Severe Plastic Deformation (SPD) is a very effective method to produce bulk nanostructured metals , under conditions of enhanced hydrostatic pressure and/or of a relatively low deformation temperatures. Such a heavy plastic deformation produces several crystal lattice defects like dislocations, grain boundaries, and also vacancies. In comparison with conventional cold work techniques, SPD methods achieve a much higher concentration of vacancies .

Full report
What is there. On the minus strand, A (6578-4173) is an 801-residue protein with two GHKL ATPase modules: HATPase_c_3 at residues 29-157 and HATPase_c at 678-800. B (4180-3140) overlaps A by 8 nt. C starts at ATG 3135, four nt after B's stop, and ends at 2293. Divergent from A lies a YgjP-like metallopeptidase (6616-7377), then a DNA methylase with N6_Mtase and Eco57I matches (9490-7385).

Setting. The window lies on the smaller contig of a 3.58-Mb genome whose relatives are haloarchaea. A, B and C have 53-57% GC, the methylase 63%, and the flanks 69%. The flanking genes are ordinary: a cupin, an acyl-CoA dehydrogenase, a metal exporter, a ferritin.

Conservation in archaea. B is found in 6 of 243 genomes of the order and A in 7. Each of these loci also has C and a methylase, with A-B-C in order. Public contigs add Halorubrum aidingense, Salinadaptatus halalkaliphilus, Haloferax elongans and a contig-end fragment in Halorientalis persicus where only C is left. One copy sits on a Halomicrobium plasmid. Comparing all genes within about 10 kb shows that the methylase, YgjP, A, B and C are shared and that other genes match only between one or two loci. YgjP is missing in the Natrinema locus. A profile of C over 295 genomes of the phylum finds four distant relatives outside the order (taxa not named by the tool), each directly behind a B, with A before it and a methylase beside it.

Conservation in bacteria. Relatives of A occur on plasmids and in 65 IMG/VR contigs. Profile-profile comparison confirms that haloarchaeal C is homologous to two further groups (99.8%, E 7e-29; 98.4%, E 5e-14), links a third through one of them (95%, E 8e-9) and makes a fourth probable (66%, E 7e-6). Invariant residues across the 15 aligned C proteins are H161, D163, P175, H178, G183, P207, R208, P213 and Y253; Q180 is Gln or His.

The presence of vacancies (i) significantly accelerates atomic diffusion , (ii) enables to trap up to six hydrogen atoms per vacancy, and (iii) can even create ordered vacancy sublattice [4,5]. These features can be important for a hydrogen storage technique in solid state getting more effective and safe than hydrogen storage as a gas or a liquid. One of the most attractive systems is Mg – MgH2 because of its ability to absorb hydrogen up to 7.6 wt.%, its low cost and abundance. However, sluggish desorption kinetics due to rather low hydrogen diffusion in magnesium hydride has prevented its practical use until now. The creation of additional lattice defects, particularly vacancies in the Mg structure by means of SPD methods may yield marked improvements of diffusion as well as of H2 storage capacity, although much work is still needed to fully understand processes taking place in metal-vacancy-hydrogen systems.
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